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Jake O'Kane: Waking up to the problem of sleep

King Kong knocked the sleep out of me for a month as I lay in bed in terror, waiting for a giant gorilla hand to come through my bedroom window and snatch me away

Jake routinely finds himself unable to sleep at night - it's a problem many others have experienced since the coronavirus pandemic disrupted normal sleep patterns
Jake O'Kane

I am writing this week's column at 4.45am. Yet again, I find myself creeping around the house, unable to sleep. This isn't new.

Whilst I wouldn't class myself a card-carrying insomniac, I can identify with a number of the signs associated with that condition.

For instance, I find it hard to get asleep; I wake up several times during the night; I lie awake at night; I wake up early and can't get back to sleep; I'm then tired when I wake up and can be irritable due to lack of sleep. That's six out of eight symptoms listed on the nidirect insomnia webpage.

My sleep problems go back to childhood and are partly due to my family owning a pub. As both my parents worked in the business, I was left in the care of a babysitter, Mrs Mac. I never knew her real name; she was always Mrs Mac to me.

Mrs Mac was an elderly widow from Cork who lived up the street. She regularly shared with me her sorrow at having been dragged from Cork to live among the savages of Belfast.

Mrs Mac didn't like sitting up alone so most nights, having put my younger brothers to bed, she allowed me to stay up and watch whatever movie was showing on one of the two channels available.

I remember watching the 1933 King Kong movie - that knocked the sleep out of me for a month as I lay in bed in terror, waiting for a giant gorilla hand to come through my bedroom window and snatch me away.

The jobs I've worked also haven't helped. I followed my father into the bar game before moving into stand-up comedy - both meant I was going to bed as people on an early shift were going to work.

Whilst my dad kept late hours, he never missed his evening nap. After dinner he went to bed for an hour. This is something I've never been able to do; if I snooze for 10 minutes during the day, I'm guaranteed to be awake all night.

Pain is another contributing factor. With a long-term back injury, I often go to bed feeling as if a demon has used a sledgehammer to play my spine like a xylophone. If I do manage to get over even turning in bed can feel like a stab in the back.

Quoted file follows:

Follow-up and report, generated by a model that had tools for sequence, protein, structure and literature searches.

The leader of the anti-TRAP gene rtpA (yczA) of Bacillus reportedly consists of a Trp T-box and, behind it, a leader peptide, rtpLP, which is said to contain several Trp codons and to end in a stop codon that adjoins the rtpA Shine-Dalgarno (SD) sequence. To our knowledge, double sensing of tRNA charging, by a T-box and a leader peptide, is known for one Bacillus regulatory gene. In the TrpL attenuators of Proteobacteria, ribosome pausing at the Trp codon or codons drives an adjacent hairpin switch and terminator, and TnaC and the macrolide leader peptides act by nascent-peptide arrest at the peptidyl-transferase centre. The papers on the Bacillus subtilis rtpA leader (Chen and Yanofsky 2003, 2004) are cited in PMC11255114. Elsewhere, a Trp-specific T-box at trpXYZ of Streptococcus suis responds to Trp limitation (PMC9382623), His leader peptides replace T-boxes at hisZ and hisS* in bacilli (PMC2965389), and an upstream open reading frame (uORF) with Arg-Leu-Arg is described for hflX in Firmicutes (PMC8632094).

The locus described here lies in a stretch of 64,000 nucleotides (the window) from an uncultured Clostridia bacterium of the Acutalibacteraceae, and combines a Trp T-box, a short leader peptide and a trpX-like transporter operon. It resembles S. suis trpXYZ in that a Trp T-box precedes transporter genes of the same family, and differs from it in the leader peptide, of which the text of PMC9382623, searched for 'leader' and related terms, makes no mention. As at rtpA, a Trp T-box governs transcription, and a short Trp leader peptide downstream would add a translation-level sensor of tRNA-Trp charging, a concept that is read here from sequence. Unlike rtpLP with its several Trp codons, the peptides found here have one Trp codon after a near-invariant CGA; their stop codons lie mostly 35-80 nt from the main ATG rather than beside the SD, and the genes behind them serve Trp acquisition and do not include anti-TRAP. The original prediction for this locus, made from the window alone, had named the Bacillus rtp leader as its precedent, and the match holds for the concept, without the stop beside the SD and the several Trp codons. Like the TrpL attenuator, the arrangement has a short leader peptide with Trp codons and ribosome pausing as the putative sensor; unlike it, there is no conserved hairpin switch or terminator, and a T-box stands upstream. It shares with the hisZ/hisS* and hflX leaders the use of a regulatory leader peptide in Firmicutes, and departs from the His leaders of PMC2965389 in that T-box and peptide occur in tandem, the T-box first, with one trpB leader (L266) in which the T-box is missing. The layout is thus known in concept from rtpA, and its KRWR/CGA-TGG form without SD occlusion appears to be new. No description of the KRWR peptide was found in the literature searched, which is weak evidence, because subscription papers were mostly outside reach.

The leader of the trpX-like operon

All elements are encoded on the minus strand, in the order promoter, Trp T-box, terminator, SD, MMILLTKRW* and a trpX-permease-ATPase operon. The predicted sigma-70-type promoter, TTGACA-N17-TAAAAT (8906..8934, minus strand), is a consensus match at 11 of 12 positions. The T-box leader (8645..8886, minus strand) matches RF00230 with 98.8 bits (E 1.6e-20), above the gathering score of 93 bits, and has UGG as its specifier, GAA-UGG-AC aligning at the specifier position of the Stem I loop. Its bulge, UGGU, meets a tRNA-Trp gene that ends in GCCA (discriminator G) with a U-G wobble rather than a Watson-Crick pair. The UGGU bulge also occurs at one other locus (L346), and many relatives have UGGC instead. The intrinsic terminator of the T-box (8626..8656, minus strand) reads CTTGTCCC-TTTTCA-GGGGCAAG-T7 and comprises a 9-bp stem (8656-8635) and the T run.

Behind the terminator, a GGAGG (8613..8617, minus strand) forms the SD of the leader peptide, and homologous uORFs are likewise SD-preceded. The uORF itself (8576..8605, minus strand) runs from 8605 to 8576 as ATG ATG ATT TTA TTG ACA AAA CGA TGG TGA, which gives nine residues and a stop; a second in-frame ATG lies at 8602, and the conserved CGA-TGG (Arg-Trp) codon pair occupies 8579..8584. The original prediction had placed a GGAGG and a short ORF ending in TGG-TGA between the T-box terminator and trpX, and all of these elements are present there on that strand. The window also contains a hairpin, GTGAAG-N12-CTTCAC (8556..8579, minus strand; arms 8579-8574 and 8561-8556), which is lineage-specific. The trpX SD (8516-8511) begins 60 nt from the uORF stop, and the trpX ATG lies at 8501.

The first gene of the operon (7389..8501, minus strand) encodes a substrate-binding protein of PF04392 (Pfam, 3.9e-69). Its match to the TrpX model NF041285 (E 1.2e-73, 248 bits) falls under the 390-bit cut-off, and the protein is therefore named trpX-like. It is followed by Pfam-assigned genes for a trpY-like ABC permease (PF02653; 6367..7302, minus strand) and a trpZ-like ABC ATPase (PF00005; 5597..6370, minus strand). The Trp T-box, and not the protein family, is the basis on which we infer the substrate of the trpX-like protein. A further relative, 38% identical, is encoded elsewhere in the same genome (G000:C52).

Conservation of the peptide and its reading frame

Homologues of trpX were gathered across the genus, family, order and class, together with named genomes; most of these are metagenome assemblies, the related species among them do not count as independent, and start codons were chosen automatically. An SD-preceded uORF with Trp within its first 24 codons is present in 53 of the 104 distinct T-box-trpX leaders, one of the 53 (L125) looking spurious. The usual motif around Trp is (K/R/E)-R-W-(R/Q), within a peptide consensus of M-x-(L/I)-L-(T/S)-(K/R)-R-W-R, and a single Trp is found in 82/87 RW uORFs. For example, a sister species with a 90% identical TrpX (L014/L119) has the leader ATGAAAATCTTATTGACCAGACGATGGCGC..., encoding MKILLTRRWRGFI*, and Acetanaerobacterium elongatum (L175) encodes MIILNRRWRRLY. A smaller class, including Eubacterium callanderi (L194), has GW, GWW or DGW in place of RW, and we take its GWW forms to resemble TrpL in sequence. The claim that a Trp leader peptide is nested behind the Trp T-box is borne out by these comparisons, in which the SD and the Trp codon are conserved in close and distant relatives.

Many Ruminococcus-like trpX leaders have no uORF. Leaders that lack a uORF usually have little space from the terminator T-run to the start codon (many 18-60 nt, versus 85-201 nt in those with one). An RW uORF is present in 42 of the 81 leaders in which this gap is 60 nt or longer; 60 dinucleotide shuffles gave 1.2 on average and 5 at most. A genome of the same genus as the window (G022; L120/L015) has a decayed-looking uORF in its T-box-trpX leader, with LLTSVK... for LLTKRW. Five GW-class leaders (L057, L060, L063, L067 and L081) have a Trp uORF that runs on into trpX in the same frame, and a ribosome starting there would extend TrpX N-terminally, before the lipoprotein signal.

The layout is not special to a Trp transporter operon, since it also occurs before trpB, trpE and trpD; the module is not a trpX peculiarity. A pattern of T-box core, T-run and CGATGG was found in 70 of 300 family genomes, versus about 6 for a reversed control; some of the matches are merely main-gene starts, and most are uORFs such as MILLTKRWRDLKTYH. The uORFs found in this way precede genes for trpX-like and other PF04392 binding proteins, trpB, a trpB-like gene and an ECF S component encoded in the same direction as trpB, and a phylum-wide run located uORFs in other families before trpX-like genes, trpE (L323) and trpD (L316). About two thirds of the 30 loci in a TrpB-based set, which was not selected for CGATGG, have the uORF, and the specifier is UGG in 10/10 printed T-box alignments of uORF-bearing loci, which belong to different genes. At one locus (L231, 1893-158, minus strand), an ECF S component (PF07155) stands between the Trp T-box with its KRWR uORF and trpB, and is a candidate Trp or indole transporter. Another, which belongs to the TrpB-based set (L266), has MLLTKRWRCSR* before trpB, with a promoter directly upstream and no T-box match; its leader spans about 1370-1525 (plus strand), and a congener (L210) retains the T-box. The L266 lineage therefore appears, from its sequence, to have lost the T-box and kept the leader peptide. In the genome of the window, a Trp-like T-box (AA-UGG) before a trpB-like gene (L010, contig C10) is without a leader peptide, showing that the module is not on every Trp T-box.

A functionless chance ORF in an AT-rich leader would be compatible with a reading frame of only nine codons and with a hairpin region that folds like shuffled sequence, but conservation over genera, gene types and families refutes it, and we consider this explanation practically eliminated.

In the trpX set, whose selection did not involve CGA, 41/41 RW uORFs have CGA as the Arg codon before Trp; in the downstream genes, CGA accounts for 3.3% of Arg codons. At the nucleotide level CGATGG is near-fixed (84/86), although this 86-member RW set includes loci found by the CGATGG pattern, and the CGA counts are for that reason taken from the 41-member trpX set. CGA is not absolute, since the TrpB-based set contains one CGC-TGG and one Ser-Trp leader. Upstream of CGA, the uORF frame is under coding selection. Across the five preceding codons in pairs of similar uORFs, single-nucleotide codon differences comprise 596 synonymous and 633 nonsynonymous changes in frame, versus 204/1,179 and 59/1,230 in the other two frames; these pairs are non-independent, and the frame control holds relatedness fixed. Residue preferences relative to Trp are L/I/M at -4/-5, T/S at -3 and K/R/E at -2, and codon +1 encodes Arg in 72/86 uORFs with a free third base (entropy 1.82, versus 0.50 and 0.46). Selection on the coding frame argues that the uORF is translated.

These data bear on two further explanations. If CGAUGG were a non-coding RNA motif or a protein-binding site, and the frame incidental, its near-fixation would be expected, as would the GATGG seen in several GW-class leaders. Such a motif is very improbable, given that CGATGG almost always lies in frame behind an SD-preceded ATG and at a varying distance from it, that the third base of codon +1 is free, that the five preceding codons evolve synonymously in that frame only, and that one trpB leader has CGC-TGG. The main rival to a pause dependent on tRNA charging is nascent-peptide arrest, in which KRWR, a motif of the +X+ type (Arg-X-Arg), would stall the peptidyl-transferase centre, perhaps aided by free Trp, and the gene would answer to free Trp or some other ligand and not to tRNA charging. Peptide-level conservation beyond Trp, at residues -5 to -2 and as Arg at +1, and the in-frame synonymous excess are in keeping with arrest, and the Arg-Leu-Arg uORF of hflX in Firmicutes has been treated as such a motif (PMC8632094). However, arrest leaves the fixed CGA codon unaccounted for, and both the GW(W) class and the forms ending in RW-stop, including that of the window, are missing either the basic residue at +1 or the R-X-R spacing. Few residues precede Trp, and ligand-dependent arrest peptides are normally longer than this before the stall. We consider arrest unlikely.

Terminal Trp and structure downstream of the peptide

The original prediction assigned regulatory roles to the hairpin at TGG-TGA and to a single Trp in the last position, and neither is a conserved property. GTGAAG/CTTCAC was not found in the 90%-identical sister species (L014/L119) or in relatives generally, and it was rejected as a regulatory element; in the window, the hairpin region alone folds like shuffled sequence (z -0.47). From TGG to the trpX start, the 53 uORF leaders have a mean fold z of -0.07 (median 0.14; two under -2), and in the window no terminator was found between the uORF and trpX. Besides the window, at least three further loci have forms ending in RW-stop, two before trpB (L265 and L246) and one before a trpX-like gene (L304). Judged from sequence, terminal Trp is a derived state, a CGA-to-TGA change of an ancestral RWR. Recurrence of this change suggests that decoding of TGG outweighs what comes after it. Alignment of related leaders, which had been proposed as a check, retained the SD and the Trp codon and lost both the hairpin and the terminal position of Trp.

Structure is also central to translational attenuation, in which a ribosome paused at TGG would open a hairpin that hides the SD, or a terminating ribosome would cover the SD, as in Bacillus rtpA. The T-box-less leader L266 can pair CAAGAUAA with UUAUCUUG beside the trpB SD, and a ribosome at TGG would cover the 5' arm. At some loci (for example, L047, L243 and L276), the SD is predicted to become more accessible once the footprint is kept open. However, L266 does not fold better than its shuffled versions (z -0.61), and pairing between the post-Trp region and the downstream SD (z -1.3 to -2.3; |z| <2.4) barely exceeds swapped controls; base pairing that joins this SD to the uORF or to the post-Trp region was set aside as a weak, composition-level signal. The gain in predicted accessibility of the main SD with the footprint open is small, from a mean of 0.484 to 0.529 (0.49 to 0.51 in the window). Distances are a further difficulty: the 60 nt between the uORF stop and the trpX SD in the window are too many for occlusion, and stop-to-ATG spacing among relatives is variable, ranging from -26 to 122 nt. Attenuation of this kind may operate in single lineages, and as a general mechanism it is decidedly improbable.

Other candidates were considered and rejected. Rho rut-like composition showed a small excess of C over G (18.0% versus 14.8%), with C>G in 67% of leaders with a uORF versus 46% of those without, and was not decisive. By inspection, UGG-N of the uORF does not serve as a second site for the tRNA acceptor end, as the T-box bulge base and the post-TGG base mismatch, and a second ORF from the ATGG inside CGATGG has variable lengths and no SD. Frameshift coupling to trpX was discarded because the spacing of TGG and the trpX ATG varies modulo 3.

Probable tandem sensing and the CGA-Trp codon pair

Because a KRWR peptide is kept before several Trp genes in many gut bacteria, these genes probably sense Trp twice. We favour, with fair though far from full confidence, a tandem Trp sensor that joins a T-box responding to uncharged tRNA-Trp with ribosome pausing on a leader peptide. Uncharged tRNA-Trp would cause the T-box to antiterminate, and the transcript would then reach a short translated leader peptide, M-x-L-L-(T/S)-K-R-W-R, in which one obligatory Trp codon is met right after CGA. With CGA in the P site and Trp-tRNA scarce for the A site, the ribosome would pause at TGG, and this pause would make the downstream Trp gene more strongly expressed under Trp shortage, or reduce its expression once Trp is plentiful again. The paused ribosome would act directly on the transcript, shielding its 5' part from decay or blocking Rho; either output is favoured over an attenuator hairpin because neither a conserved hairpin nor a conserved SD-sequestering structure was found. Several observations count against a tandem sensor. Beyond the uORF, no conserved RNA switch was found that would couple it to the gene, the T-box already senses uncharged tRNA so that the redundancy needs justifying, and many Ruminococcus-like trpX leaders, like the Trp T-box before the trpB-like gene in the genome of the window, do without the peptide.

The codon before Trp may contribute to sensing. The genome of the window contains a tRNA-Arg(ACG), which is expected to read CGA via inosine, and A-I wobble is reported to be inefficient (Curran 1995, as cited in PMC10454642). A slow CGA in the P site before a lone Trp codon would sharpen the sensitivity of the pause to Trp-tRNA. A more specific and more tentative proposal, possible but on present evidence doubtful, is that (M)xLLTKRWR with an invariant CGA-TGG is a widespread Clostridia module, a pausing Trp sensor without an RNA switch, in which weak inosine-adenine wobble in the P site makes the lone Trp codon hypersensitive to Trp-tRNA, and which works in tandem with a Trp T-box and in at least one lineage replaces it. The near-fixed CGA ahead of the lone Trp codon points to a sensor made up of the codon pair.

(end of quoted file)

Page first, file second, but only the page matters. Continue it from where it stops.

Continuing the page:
Having problems sleeping can feel as if you're trapped in a vicious circle. Convinced you can't sleep you go to bed, already anxious about not sleeping, which - you've guessed it - then becomes a self-fulling prophesy.

Over the years I think I've tried most of the common remedies. Everything from drinking hot chocolate; adopting a disciplined sleep routine; ensuring my bedroom is the right temperature; taking herbal remedies. The last had the unfortunate effect of acting like a diuretic, which of course meant I was up all night.

Of all the advice I've ever been given I think the best was also the simplest. A friend and fellow sufferer advised me to remove all clocks and watches from my bedroom. He explained if I couldn't see the time then I wouldn't know how tired to feel the next day. While this helped, it wasn't a cure.

While I try not to disturb my family with my nocturnal wanderings, there was one night when, with a sleep deprived-addled brain, I inadvertently tripped the house alarm.

My wife and children scrambled from their beds to find me fumbling with the alarm panel, unable to remember the code to turn it off. Oh, how they laughed. Oh wait, they didn't.

Insomnia feels worse during the summer; at least in winter it's still dark when I eventually crawl back beneath the covers. But, as I write this, I can hear the dawn chorus begin and light has begun to crawl from beneath the curtains.

At least I'm not alone, as it's being reported Covid has resulted in disturbed sleep patterns both for those who contracted the virus and others who found their normal sleep pattern disappeared when furloughed.

While I've treated insomnia with a light touch, I'm very aware that for many it can be disabling. Thankfully, there's plenty of support and advice - look at nidirect.gov.uk/conditions/insomnia.

I wish you all a good night's sleep but, if you happen to find yourself awake in the wee small hours, don't despair - there's every chance you'll find me tweeting nonsense around 3am most mornings.

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